Many parents today know what to expect when they wrest their smartphones from their young children, who have been entertaining themselves in their car seat, or waiting for a snack, or playing nearby while their sibling takes a bath: a camera roll full of oddly avant-garde, poorly focused, poorly framed self-portraits. Toddler selfies are a 21st-century expression of several age-old tendencies of this stage in childhood development—and while they certainly raise questions about kids’ relationship to technology, they also offer a unique new way for parents to hang on to memories of a challenging but joyous time in their children’s life.
Some toddler selfies appear in large, camera-roll-dominating batches that have a flipbook (or Cindy Sherman) quality to them. Others are just single snapshots of foreheads, perhaps with a surprised eyebrow peeking into the frame. Parents are fond of posting their toddlers’ selfies online. As one mother wrote in a tweet that contained a pair of photos of the ceiling and her child’s blurry face, “If you don’t have a camera roll full of blasts like this, are you even a parent of a toddler?” On Instagram, the hashtag #toddlerselfie has been affixed to more than 32,000 photos. When Nicole Smith, a mom of three in Asheville, North Carolina, got an alert last summer that she was running out of storage space on her iPhone, she opened her camera roll and found to her amusement that her oldest son, now 4, had hijacked her phone and taken a bunch of extreme close-ups of his face a month before. “I told him to pick a couple of them and we’d keep them and post them [to Instagram], but we had to delete the rest,” she told me. (She ended up tweeting one.) “He was like, ‘Don’t worry, Mommy. I’ll take more!’”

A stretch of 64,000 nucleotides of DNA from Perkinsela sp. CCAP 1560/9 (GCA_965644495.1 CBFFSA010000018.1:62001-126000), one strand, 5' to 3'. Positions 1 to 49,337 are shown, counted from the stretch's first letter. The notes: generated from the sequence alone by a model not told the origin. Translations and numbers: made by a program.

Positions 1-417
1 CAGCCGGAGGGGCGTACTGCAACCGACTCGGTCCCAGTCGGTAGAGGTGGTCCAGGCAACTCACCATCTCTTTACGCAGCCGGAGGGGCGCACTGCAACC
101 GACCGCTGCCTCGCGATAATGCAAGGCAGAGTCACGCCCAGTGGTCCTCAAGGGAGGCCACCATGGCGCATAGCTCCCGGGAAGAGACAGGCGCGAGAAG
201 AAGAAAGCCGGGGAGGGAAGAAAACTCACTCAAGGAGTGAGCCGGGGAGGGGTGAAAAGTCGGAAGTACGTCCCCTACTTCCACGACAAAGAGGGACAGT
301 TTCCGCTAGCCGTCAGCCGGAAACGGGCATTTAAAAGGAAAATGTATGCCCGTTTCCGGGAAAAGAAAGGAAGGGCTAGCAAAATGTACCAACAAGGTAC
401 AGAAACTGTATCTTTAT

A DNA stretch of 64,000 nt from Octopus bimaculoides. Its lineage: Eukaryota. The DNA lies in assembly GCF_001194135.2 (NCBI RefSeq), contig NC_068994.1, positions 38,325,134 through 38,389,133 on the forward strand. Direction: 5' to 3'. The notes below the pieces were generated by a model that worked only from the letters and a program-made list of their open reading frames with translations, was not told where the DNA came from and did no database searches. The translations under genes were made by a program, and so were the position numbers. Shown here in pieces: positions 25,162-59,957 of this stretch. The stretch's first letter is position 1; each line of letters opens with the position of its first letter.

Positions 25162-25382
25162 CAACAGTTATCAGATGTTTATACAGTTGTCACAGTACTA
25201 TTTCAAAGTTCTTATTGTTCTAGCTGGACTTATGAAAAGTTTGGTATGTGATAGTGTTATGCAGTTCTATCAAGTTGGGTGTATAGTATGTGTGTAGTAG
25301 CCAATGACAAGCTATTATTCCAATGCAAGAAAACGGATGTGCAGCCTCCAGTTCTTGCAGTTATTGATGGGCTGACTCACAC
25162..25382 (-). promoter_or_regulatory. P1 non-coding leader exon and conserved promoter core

This is what your camera roll turns into once you have a toddler pic.twitter.com/TANCAzyl4b
— lex (@alexisruth70) October 8, 2019
Toddlers are attracted to the front-facing smartphone camera for a few reasons. For starters, there’s what many parents (and grandparents, aunts, uncles, and babysitters) already know: “Toddlers are delighted with themselves,” says Christine McLean, who teaches in the Children and Youth Study department at Nova Scotia’s Mount Saint Vincent University. From the ages of 1 to 3, McLean told me, kids rapidly develop a sense of individual identity, making sense of the fact that they are separate humans from their moms and dads, and for most kids, that’s a pretty exciting prospect.